It's not uncommon to start obsessing over potty training the moment your kid becomes a toddler. The pressure (or desire) to ditch the diapers, and the excitement of hitting another milestone, can make even the most patient of parents restless. But if you weren't jumping at the bit, or took more of a "follow my kid's lead" approach, it might take a while for your kid to master the porcelain throne. But is it possible to miss the window for potty training? And if you are afraid you did, is there something you can do to help your kid transition from diapers to the "big kid" potty?
To find out more about the so-called "potty training window" and what to do if it has come and gone, Romper spoke with potty training experts Jamie Glowacki, author of Oh Crap! Potty Training, and Allison Jandu, founder of the website www.pottytrainingconsultant.com and author of potty training guides The Poop Puzzle and The Wee Hours. According to both Glowacki and Jandu, there is indeed a window of opportunity when most kids will have an easier time potty training... and it's earlier than you might think.
According to the American Academy of Pediatrics, your child will experience a number of emotional "prime times" and difficult periods that could make toilet training either a breeze or a virtual nightmare. The difficulty, of course, is recognizing when your child is emotionally ready or will have a harder go of it. The first step, according to the AAP, is to observe your child's general behavior and responses to your potty training suggestions or nudges.
But there is a potty training sweet spot, according to Glowacki: somewhere between 20 and 30 months. After that window things get much harder. "After 30 months, somewhere around the age of 3, individuation hits," she says. "This is the physiological process in which your child learns they are their own person, separate from you. It is the age of 'threenager,' realizing free will and choice and 'no.'"
According to Jandu, this "sweet spot" means, generally speaking, that the average child is "physiologically and emotionally capable" of handling potty training when they fall within this age range. "Also, they are more eager to please, less resistant to change, and wanting to mimic the adults around them which makes the process much easier," she adds.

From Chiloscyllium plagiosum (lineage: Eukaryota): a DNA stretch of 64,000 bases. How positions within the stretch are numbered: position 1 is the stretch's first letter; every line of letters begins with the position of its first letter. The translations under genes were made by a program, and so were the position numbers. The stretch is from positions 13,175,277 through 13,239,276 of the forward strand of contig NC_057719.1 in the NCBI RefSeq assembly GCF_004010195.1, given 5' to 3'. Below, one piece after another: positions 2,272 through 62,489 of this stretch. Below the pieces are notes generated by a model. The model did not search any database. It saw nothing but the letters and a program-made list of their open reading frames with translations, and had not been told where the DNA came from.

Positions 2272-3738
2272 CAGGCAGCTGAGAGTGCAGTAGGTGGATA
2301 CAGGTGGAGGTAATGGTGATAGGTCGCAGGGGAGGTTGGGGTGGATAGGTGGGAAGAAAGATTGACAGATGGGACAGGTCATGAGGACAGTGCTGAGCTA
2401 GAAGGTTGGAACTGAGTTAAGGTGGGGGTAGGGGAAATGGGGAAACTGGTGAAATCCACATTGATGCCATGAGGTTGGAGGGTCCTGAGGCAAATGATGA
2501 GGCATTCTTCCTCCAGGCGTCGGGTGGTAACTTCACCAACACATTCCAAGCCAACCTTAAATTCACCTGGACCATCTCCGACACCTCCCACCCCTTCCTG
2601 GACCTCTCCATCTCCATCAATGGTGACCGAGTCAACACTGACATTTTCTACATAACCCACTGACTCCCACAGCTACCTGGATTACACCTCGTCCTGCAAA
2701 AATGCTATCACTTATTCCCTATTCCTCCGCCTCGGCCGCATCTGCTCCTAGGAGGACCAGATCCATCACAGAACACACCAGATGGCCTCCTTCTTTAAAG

Potty training is just another milestone. Some kids struggle. Some kids don’t. It’s just another thing, so don’t make it bigger than it is.
It's natural the wonder what to do if you've missed the window, especially if your child is not getting the hang of things or just seems resistant to potty training in general. Jandu and Glowacki agree that while potty training may be easier with a younger child, you aren't doomed if you start the process a little later later. "You have to recognize that you’ll be dealing with more behavior than learning," Glowacki says. "If you already have a super strong-willed little one, that will be exacerbated in potty training past age 3."
She stresses that parents should view potty training as helping your child learn new habits, adding, "Diaper use is just a habit. Potty training is creating a new habit. While you’re not doomed if you wait till 3 or even 4, you have to realize that you’ve doubled down on the length of that habit, which makes it harder to break."
Jandu adds that missing the window might make potty training harder for you, too. "Waiting too long can also back you into a corner, forcing you to potty train under a deadline, like needing to be potty trained in order to start preschool for example," she says. "And stress plus potty training is never a good mix."
Jandu notes that your child is an individual and if they have developmental delays or something happens to delay or interfere with training, you may end up training later and that's OK. "There is no one-size-fits-all way to potty train, and no right or wrong method," she says. "The best thing to do is educate yourself, get on the same page with daycare/other caregivers, and keep things as consistent for your child as possible once you start."
Glowacki stresses the importance of believing in your child and yourself throughout this process, and trusting that, yes, you can potty train your child. "The biggest precursor of success is parents staying calm, cool, and collected," she tells Romper. "Potty training is just another milestone. Some kids struggle. Some kids don’t. It’s just another thing, so don’t make it bigger than it is."
"It is NOT a measurement of your parenting," she adds.
Above all else, Jandu says you shouldn't be hard on yourself as you try to train your child, especially if they missed the so-called window. "Never, ever compare your potty training journey to someone else's," she says, which might actually be the best parenting advice of all.